Although these details are sketchy at this point, it is indicated that goods to be procured includes the supply and delivery of medical equipment such as syringes, beds rubber gloves and other related equipment used at public health facilities. ARV supply and delivery has been a bone of contention since 2016. That year, the health ministry sourced 70 tonnes of ARV medicine for N$64 million from Uganda without going on tender. The cancelled tender would have been one of the first ARV tenders sourced locally since then. At the time, The Namibian reported that the local suppliers quoted more than double what the foreign suppliers quoted.
Namibia has a population of 2.3 million people, with 250 000 of those living with HIV, according to a 2014 UNAIDS report.

Cash crunch
The Ministry of Health and Social Services is on its knees financially and can no longer “do more with less”. Haufiku this week said the ministry needs at least N$9 billion to execute its mandate.
The ministry was allocated N$ 6 537 1 02 000 for this financial year. Last year (2017/18) it received N$6 514 579 000 and in the 2016/17 financial year received N$7 230 983 000. “I said we are determined to do more with little. I have reversed that position. We are unable to do with what we have at the moment. I must be honest,” said Haufiku.
He said at face value, the health budget sounds like a lot but is not enough. At the moment, the ministry faces an avalanche of challenges, all with one common denominator – a shortage of funds. “The reality is that we need more funds,” he pleaded.
The ministry has submitted its new structure to the Office of the Prime Minister for implementation. “We have the positions, all described in detail, but we do not have the funds,” Haufiku said.
He also said the ministry does not have a dialysis centre or a paediatric intensive care unit.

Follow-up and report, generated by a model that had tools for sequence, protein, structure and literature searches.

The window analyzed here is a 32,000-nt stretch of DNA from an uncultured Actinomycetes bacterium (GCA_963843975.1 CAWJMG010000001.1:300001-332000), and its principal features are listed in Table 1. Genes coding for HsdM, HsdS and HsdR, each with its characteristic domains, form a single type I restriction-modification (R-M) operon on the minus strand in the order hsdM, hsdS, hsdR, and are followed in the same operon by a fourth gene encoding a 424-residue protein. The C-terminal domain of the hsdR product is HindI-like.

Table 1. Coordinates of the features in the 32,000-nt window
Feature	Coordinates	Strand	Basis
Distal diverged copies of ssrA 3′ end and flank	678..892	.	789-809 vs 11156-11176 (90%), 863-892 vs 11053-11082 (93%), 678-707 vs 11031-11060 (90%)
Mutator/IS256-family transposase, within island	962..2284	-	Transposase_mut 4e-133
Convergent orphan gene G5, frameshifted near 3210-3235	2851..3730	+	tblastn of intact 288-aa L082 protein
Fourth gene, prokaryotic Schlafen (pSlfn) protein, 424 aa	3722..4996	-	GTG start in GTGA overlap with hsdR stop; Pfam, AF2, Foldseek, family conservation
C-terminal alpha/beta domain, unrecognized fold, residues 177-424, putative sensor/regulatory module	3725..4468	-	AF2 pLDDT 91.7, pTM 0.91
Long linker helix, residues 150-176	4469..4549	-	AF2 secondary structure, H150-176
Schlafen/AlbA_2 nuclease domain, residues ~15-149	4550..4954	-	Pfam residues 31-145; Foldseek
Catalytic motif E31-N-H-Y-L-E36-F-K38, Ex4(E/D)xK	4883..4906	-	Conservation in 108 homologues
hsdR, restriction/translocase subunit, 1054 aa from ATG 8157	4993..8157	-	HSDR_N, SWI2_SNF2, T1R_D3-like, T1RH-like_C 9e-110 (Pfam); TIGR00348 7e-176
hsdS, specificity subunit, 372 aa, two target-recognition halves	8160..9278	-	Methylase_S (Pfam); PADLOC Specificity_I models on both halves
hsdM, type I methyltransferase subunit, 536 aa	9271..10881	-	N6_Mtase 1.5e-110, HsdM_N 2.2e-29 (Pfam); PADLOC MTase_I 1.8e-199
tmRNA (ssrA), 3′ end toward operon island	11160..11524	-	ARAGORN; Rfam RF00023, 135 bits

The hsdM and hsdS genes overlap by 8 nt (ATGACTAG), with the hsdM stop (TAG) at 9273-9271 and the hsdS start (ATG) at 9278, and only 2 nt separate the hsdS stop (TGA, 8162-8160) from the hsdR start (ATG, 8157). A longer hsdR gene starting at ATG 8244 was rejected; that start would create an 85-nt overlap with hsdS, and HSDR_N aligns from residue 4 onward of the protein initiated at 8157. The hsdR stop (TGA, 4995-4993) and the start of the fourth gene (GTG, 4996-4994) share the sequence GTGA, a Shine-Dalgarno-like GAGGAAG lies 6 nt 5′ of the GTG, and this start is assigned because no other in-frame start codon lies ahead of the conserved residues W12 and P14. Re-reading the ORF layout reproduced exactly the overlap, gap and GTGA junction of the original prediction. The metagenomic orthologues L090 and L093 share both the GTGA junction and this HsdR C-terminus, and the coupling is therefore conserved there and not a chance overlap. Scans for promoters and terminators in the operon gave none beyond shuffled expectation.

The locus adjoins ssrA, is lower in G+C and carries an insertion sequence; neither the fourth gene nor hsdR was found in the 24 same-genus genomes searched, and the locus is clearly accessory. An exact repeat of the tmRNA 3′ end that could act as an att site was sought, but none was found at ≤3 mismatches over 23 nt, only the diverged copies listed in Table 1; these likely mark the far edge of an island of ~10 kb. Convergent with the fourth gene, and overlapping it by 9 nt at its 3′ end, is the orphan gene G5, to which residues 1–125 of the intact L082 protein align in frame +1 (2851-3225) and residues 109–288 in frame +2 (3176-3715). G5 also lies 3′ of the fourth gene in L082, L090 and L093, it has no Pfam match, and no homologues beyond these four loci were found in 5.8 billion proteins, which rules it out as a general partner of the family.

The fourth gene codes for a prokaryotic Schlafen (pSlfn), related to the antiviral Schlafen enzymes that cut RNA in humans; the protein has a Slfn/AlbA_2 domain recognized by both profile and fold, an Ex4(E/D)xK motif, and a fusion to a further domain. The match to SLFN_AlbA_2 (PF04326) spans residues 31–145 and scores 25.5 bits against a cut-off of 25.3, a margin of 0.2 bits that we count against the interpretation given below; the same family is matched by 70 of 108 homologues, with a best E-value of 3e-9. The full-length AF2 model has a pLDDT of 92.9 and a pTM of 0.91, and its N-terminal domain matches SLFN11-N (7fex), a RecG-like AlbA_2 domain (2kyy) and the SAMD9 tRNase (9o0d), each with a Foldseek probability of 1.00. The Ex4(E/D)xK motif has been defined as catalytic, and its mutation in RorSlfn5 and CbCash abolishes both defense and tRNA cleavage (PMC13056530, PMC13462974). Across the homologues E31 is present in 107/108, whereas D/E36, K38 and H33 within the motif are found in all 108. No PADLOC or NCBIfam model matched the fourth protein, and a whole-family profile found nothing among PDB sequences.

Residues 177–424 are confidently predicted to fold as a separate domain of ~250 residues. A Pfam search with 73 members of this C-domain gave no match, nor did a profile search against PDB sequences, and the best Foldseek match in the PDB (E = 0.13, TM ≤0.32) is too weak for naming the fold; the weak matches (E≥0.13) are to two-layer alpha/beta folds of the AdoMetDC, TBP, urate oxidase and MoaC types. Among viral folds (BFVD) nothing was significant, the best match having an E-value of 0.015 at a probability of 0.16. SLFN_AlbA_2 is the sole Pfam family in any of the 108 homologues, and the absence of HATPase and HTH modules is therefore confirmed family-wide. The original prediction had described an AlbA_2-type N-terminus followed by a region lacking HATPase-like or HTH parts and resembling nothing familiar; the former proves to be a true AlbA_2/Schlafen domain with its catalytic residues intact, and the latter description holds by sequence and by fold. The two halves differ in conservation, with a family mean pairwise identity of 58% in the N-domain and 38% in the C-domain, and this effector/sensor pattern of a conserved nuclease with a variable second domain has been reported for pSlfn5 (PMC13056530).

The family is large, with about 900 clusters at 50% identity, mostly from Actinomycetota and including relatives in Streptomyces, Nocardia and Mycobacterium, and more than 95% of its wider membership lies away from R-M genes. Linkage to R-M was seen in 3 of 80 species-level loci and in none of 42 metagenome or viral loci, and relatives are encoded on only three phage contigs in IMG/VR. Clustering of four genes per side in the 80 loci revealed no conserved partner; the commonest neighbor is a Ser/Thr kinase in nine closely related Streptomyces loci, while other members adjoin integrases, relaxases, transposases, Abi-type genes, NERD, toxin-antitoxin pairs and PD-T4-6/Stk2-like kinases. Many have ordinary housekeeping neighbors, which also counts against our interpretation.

“At the moment, we are paying something like N$44 million for roughly 290 patients who need dialysis done in the private sector. If we had our own machine, we would tremendously reduce this cost,” he said.
Children with heart conditions are taken to South Africa for operations, which also places financial strain on the ministry, Haufiku said. In addition, several capital projects of the ministry have also been put on ice.
Work on a tuberculosis ward in Keetmanshoop, maternity ward in Rundu, clinic in Epupa, and hospital at Okahao has been halted.
To mitigate the financial dilemma, Haufiku hinted that they are looking at closing down an entire department in a bid to save funds to be diverted to critical services.
He suggested either the security or catering departments, saying security could be provided by the Namibian Police or Namibian Defense Force, while catering can be done internally.
The situation is so dire that the minister opted to not have a personal assistant or special advisor and he only has one driver assigned to him. “These are all measures that save money, even though it’s little,” he said. These revelations come at a time when the ministry is unable to employ new nurses during the 2018/19 financial year, also owing to lack of funds.
Additional reporting by Nampa